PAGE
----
It’s no wonder Thornburg Mortgage had to delay first quarter earnings twice before finally revealing their $3.31 billion loss.
The company disclosed today, after two initial delays, that it lost a whopping $20.64 per share, compared with year-ago profit of $75 million, or 62 cents per share.
Analysts were expecting a big loss, but not this big, as the mean estimate over at Reuters stood at just $3.32 per share.
Thornburg said a good chunk of the loss came from unrealized market value losses of $1.542 billion tied to the company’s mortgage-backed securities and securitized loan portfolios.
Additionally, the company took a $950 million hit related to its financing transaction consummated at the end of March, a necessary evil to keep Thornburg afloat.
“During the first quarter, we were significantly and negatively impacted by conditions impacting the entire mortgage market, including, among others, declining home prices and substantial declines in mortgage securities and mortgage loan prices,” said CEO Larry Goldstone.
“Despite modestly increasing delinquencies in our loan portfolio and some additional downgrades of our mortgage-backed securities (MBS) assets, the overall credit performance of our portfolio continues to perform well.”
Goldstone noted that the margin calls that nearly sunk the company earlier this year forced the Board to consider a slew of alternatives, including a possible sale to another company or a potential bankruptcy filing.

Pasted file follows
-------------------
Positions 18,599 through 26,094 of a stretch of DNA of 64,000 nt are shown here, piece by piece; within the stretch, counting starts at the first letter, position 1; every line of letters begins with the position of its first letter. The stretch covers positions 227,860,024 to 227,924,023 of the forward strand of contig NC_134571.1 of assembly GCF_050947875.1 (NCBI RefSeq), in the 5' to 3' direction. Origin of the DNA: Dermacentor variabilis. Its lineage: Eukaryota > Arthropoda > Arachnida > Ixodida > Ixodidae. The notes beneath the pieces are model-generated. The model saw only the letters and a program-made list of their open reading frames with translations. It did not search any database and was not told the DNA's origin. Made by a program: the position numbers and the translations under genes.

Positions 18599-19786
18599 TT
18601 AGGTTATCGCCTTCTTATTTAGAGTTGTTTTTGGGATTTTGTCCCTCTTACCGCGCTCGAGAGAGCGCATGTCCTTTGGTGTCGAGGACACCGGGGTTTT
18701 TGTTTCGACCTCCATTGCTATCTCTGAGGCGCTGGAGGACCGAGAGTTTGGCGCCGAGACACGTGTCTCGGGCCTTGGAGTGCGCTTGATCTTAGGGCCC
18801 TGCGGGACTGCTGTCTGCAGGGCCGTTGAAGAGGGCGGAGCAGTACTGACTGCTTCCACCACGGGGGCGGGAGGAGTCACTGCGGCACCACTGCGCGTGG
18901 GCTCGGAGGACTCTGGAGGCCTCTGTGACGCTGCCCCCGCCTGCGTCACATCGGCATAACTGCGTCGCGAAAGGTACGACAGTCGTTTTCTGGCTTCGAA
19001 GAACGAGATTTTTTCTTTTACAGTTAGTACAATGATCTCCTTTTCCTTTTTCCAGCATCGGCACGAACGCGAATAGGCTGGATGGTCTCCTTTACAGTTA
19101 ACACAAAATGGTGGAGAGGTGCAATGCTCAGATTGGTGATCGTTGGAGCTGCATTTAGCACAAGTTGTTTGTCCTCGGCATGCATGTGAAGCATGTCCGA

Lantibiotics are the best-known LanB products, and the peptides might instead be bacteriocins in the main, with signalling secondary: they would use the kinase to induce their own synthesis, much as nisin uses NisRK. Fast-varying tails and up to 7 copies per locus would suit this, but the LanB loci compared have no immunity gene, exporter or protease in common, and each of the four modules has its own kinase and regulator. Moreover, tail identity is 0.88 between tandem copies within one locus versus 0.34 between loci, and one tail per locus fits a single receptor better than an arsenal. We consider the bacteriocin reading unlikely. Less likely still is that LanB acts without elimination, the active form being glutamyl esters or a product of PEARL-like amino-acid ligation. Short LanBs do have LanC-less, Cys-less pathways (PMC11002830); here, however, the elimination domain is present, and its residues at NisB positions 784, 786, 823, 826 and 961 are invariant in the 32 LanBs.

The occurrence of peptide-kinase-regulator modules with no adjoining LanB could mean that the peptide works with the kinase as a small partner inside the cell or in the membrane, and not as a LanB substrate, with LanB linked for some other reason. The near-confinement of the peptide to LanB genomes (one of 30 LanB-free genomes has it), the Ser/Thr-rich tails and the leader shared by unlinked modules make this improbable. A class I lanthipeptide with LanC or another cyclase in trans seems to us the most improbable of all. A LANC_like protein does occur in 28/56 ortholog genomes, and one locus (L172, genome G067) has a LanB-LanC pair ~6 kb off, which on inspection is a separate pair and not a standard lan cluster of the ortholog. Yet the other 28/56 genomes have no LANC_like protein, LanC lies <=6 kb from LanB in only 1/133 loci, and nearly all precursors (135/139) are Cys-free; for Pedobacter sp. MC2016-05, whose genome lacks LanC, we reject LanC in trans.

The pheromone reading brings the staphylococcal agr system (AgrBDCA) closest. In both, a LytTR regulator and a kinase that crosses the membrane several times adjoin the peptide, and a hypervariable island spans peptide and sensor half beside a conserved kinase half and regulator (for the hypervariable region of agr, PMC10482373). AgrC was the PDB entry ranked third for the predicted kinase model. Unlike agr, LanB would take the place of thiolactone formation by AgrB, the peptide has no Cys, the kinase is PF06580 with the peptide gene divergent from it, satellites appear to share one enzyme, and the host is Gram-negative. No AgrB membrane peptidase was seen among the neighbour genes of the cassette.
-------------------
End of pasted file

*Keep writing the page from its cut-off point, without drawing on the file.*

“Our primary focus over the coming months will be to successfully complete the tender offer for our preferred stock,” added Goldstone.
“While this market environment remains challenging, we believe our jumbo and super jumbo loan origination franchise provides unique value to our clients and lending partners and allows us to create an exceptional, high quality portfolio of mortgage loans.
However, the company has since resumed lending and funded all of the locked loans in its pipeline, including $239 million since the end of the first quarter.
The company’s 60-day plus and REO delinquency rate climbed to 0.65 percent, up from 0.44 in the fourth quarter, but bad loans only represent about $150 million of the company’s $23.5 billion loan portfolio.
Shares of Thornburg were unchanged at 72 cents in midday trading on Wall Street.